The second factor I’d like to discuss is sleep. Adequate sleep (7-8 hours/ night ) is necessary for the brain to flush out amyloid build up from the day. Research also suggests that chronically getting too few hours of sleep (<6 hours per night) may increase risk of AD and dementia 3 4. As mentioned above, AD is characterized by the presence of amyloid plaques and tau tangles in the brain, both of which are negatively affected by poor sleep. Many people turn to sleep medications, which pose their own risks for AD development, primarily by decreasing acetylcholine levels. This mechanism will not be discussed in this paper, but the take home is, Gravol, Nytol, Zoplicone, etc. may make you sleep, but do not allow sleep that flushes amyloid or protects you from developing dementia or AD. There are however, many things you can do to improve your sleep, starting with allowing yourself 7-8 hours per night. I recommend adopting a standard bedtime routine, including no screens 1 hour prior, keeping your bedroom cool, and to stop food intake at least 3 hours prior to bedtime. There are many natural sleep remedies, ie. GABA, melatonin, magnesium, herbal teas, and CBD; all of which can be discussed with a health care provider.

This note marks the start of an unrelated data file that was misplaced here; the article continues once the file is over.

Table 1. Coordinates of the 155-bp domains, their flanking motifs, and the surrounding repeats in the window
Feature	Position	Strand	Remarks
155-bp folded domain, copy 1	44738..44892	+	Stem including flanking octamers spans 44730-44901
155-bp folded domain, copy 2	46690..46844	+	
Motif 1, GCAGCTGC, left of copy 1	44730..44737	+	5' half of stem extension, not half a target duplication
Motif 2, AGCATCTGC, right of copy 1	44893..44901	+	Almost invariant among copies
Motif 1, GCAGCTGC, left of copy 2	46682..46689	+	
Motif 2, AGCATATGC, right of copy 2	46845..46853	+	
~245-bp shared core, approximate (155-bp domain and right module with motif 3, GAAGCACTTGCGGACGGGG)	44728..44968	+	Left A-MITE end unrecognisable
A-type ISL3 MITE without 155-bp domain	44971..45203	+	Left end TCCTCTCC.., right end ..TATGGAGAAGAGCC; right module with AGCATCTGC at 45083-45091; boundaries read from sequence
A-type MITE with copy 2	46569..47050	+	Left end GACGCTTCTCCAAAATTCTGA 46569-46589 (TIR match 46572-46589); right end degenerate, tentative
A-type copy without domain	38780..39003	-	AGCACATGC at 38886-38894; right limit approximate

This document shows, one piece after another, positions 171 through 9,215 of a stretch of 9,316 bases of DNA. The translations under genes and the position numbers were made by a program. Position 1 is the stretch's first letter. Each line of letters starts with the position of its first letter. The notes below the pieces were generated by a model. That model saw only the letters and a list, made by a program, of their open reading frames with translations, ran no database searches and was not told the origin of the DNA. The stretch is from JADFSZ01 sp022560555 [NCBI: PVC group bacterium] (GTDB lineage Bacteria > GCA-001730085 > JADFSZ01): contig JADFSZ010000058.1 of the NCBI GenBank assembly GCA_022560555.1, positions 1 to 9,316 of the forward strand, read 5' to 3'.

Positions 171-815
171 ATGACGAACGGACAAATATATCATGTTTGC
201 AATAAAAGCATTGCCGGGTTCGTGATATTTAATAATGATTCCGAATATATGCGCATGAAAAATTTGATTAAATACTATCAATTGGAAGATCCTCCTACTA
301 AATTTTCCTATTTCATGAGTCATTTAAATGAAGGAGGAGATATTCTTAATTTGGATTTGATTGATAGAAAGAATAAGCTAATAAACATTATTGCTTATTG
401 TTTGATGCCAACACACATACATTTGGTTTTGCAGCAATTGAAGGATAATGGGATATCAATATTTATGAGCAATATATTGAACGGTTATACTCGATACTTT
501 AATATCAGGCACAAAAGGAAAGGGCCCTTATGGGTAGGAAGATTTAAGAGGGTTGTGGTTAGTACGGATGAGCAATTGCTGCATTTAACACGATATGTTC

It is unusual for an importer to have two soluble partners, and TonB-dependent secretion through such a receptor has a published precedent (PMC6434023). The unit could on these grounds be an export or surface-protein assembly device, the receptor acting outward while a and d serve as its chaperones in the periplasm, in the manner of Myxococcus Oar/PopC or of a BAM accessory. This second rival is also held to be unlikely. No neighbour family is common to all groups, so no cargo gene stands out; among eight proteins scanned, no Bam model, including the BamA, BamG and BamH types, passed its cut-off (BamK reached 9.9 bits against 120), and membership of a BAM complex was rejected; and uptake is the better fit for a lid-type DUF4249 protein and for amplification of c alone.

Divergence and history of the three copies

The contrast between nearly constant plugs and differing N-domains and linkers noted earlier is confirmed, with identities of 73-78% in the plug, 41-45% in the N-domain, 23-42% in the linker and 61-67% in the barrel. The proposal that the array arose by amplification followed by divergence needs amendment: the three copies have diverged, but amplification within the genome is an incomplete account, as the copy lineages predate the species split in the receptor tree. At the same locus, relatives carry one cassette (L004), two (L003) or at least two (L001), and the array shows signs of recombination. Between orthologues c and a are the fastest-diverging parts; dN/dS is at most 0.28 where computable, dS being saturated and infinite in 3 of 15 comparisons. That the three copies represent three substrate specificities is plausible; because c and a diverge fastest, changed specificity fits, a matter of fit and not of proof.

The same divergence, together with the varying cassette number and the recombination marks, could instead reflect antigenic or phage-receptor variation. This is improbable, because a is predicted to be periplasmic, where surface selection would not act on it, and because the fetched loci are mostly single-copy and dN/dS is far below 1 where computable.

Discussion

The third intervention I would like to discuss for AD prevention in women is estrogen replacement therapy (ERT) or hormone replacement therapy (HRT). In the early 1900’s only 5% of American women lived beyond their fiftieth birthday 5; today their average life expectancy has reached eighty years. The average age of menopause is 51 years, and when a woman hits menopause, she experiences a 99% drop in her estrogen levels. Women have the potential to